Manual testing is a time-consuming, but thorough process. The primary objective of manual testing is to test the product against defined requirements or user stories to identify problem areas. After identifying the bugs, the application is then reviewed and handed over to the development team where they resolve the problem areas. This leads to the development of a flawless product.
Manual testing helps us understand the entire problem and explore other angles of tests with flexibility. While Test Automation helps save precious time, it comes with its own limitations. Test Automation can never ever substitute manual testing in its entirety.
A step-by-step approach to Manual Testing
Software Testing generally falls into two categories – Manual and Automated. While the process may differ, the steps in both these testing methodologies overlap.
Here are the most common Manual testing steps –
Step 1. Requirement Gathering
As the name suggests, this stage is all about understanding what the client’s requirements are and curating them. Requirement gathering is done through
- Reviewing available documentation
- A thorough study of existing systems and their integrations
- Interactions with stakeholders to understand business goals
The gathered information then guides the testing strategy and the implementation plan. In this stage, the live demos from developers help greatly. Development and QA share a symbiotic relationship, in a way that directly impacts the quality of the tests and ultimately the product.
Step 2 – Sharing and Discussion
After gathering the data, you can consolidate and prioritize the information inside into usable components for creating test cases and scenarios. While making test cases, you will also have to consider several factors like types of testing, scope, and time needed for the tests. At this point, the QA team needs to understand the software inside out. This will facilitate knowledge sharing and discussions about the current state with the stakeholders.
In software testing, mind maps are becoming increasingly popular. They provide a visual picture of the software testing project with all the cases and detailed workings. This makes life easier, especially for the team leaders as they can use it to share test planning and accountability with the team.
Step – 3 Test Environment and Resources Setup
Manual testing largely focuses on the end-user experience. Testing in a dedicated environment standardizes the product’s performance under lab conditions. A basic framework of the test environment is prepared based on the requirements. Manual testing tools, hardware, resources, and assets are also procured and set up.
Step 4 – Creating Test Scenarios and Test Cases
A quick analysis of requirements and user stories will clear up any doubts about what and how to test. Like other aspects of development, documentation is crucial including writing the test cases. Review the specification documents in detail, gather knowledge about the scope of testing, and create high-level test scenarios, once the documents have been shared with the team. Along with the what and how of the test, the cases also provide expected outputs.
Step 5 – Test Execution and Defect Reporting
In the execution stage, the test cases are performed by one or more people, who follow the instructions detailed in the test cases. Their focus is to achieve the said objective while being vigilant about any mismatch between expected and actual cases. Things that do not fit in the definition of normal in requirements are flagged as bugs in the report, to be conveyed to the developers. Then the Test case status for the concerned action is marked as failed.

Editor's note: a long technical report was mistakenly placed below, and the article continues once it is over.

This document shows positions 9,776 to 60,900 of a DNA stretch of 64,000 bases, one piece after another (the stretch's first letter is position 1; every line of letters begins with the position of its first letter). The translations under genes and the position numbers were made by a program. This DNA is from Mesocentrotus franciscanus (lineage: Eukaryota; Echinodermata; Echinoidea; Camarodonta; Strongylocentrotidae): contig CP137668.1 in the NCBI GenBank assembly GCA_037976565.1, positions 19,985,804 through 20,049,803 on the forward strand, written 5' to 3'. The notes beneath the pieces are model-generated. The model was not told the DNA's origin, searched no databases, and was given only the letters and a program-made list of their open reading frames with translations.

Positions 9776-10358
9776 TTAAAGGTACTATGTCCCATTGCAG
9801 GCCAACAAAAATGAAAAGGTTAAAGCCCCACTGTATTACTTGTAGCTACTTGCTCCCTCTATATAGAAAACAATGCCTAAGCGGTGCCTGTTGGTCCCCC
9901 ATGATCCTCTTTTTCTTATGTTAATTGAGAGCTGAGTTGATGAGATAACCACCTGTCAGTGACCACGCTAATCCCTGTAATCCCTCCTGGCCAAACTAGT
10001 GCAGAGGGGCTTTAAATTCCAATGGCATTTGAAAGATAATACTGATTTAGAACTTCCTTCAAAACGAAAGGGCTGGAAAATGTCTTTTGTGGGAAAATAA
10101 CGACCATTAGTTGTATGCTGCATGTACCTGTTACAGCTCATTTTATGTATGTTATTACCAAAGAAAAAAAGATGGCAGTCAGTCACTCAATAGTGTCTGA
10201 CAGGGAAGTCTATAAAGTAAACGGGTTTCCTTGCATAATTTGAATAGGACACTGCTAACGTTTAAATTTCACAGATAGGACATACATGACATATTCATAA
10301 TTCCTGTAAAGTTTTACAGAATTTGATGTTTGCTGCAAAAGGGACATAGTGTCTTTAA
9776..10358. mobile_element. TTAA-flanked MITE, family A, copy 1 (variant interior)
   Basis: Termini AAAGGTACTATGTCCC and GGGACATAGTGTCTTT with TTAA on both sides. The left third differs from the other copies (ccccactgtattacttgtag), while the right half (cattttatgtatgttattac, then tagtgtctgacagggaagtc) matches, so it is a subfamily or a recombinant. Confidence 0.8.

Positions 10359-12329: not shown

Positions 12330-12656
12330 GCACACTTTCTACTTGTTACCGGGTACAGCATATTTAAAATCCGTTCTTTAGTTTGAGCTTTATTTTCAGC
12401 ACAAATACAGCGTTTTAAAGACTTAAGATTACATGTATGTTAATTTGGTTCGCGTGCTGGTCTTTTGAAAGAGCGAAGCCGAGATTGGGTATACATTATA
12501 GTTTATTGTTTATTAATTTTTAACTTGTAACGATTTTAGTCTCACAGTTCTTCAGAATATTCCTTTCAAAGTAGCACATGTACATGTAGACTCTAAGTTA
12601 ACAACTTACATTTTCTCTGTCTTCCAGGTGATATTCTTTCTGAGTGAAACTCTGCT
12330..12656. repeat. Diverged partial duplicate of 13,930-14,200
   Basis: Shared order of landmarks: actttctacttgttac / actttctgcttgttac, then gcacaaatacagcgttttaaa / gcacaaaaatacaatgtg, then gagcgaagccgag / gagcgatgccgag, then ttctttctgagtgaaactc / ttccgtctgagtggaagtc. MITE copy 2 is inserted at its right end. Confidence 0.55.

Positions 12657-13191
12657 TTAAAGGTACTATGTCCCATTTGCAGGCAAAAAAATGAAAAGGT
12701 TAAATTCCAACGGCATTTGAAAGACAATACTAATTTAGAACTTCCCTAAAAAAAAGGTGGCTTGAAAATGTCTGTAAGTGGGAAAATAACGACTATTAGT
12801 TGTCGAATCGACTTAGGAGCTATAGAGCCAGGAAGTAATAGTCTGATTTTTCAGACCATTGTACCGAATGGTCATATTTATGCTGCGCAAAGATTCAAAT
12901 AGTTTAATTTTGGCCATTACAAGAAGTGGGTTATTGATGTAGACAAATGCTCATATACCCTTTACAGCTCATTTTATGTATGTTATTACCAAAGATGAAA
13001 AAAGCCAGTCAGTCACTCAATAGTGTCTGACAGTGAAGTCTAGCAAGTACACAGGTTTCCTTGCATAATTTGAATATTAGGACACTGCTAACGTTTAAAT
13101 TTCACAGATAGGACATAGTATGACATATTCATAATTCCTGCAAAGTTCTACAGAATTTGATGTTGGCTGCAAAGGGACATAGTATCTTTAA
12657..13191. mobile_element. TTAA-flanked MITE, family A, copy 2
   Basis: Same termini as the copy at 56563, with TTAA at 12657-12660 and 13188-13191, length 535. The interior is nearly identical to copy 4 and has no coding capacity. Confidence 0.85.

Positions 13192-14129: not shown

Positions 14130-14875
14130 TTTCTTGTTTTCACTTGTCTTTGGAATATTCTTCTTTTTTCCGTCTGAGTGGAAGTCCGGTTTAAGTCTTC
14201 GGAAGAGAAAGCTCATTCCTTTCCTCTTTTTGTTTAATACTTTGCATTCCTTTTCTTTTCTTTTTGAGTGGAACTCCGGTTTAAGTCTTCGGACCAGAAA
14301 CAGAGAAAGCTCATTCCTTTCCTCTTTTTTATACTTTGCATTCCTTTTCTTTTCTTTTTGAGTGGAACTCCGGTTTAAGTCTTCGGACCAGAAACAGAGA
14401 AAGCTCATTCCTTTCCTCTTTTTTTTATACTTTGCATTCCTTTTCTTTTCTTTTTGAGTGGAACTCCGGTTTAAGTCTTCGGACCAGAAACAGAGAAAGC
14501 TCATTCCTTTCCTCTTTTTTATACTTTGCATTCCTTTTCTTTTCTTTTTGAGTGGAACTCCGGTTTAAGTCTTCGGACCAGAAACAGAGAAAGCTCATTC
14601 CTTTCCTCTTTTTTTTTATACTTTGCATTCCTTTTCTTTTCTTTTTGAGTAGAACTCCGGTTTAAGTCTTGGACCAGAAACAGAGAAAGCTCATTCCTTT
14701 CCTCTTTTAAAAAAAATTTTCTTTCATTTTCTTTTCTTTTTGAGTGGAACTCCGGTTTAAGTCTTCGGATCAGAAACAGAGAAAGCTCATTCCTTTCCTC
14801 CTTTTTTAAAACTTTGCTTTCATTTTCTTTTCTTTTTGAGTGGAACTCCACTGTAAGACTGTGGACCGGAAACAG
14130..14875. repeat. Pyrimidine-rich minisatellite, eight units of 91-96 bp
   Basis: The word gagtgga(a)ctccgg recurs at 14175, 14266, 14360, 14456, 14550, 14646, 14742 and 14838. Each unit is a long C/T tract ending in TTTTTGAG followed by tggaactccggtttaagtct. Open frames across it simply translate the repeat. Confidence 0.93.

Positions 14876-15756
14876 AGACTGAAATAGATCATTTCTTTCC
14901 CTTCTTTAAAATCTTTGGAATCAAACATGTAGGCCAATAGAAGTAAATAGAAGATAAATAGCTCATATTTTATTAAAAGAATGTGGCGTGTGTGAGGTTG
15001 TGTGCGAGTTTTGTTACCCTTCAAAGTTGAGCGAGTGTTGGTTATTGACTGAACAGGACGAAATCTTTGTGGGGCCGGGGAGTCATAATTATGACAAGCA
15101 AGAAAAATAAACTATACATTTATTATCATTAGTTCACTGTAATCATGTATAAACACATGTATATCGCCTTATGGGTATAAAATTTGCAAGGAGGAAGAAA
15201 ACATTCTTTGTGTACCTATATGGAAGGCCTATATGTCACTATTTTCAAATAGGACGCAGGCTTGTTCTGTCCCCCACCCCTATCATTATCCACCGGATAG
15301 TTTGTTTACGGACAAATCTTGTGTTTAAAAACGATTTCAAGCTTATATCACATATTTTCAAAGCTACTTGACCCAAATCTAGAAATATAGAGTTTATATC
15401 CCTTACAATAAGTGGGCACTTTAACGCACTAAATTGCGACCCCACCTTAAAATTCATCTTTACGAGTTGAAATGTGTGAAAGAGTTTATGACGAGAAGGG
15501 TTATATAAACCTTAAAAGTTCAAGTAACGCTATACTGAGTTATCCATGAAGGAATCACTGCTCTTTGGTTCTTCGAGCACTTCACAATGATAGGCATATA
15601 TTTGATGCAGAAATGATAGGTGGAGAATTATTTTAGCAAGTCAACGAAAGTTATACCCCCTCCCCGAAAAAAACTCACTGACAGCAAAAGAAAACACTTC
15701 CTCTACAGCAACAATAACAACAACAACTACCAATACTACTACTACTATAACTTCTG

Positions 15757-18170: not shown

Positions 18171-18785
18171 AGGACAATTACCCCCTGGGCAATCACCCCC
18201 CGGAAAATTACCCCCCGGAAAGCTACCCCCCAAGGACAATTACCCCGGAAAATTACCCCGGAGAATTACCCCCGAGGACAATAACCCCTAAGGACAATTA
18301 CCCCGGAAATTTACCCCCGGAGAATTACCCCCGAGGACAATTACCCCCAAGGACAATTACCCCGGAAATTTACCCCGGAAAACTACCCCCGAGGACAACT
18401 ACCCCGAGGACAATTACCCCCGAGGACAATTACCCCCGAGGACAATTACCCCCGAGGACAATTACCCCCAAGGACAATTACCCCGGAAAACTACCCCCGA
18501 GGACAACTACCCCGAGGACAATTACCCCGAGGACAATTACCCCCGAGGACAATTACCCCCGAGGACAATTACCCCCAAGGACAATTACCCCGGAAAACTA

Step 6 – Defect Retesting and Closure
The job of a tester is not just to identify and report bugs. They also need to ensure that the reported problems are addressed. The testers are accountable for the defects and verifying the fixes, and ultimately updating the status of the defect in the concerned test case.
Step 7 – Feedback and Recommendation
The software is put through a final round of tests so that everyone involved can learn about the quality of the product. The manual testing process is said to be completed when the test report is delivered to all the stakeholders. The test results go through a feedback and recommendations process. This is the final point where the team can point out any areas of improvement if any.
A testing report should have:
- Testing status of the product tested
- Testing metrics
- Areas tested
- Areas out of scope
- Non-testable items
Step 8 – Product Release, Test Cases, and Repository Maintenance
When your product functions as per the expectations, it is handed over to a release manager and scheduled for release. Even though the product has technically passed the QA, it may just come back to the testers in the case where something fails after reaching the marketplace or any updates have been made to the product following review.
Step 9 – Updating Test Cases
As a best practice, update and maintain the test cases on file and keep good version control so that no obsolete test cases are run or cause any previous bug to resurface.
Unlike automation testing, manual testing is easier to adopt but the quality and output depend heavily on the thought process of the testers and best practices employed. This blog highlights the manual testing process and how testers should approach it for the best possible quality of the product.
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